In recent primaries, two kinds of Republican voters have been seeing two different Mitt Romney video ads pop up on local and national news Web sites. The first, called “It’s Time to Return American Optimism,” showed the candidate on the campaign trail explaining how this was an election “to save the soul of America.” It was aimed at committed party members to encourage a large turnout. The second video ad, geared toward voters who have not yet aligned themselves with a candidate, focused more on Mr. Romney as a family man. Versions of the two ads were seen online in Florida, Iowa, New Hampshire and South Carolina.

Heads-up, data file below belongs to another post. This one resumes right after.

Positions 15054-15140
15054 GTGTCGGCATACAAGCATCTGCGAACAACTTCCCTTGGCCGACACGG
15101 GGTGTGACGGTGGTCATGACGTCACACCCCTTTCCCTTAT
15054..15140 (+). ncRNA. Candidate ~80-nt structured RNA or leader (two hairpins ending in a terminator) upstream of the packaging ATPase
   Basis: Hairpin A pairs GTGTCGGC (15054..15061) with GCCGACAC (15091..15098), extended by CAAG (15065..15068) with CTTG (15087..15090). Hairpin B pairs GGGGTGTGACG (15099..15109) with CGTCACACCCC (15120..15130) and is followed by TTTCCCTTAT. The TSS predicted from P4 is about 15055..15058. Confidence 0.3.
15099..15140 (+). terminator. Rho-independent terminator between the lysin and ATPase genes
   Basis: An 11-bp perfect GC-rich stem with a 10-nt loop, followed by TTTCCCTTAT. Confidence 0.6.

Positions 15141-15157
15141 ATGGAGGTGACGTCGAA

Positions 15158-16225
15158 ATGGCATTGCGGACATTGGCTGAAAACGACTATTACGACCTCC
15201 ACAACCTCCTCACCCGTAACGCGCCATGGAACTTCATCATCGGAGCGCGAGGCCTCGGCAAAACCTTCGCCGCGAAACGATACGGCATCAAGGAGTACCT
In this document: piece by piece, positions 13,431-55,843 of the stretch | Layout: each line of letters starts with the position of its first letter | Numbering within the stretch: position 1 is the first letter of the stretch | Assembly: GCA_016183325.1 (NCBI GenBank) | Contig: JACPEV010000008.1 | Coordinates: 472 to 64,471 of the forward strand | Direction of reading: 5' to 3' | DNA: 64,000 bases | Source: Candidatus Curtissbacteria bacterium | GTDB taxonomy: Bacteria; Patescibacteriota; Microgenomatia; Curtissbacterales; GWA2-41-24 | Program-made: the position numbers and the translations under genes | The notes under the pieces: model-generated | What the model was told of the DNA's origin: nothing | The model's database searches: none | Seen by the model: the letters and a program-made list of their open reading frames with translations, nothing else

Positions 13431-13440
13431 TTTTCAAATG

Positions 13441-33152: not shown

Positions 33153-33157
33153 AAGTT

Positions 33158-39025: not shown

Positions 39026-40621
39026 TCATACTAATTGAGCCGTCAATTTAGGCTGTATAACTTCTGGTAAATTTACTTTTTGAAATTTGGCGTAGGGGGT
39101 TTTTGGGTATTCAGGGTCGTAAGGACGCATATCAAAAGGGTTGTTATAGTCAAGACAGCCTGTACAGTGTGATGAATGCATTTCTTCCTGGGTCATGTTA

Kenneth M. Goldstein, the president of the Campaign and Media Analysis Group at Kantar Media, part of the advertising giant WPP, said Mr. Romney’s directed ads represented a sea change in political advertising.
“Forty years ago, you’d watch the same evening news ad as your Democratic neighbor,” Mr. Goldstein said.
The technology that makes such customized advertising possible is called microtargeting, which is similar to the techniques nonpolitical advertisers use to serve up, for example, hotel ads online to people who had shopped for vacations recently.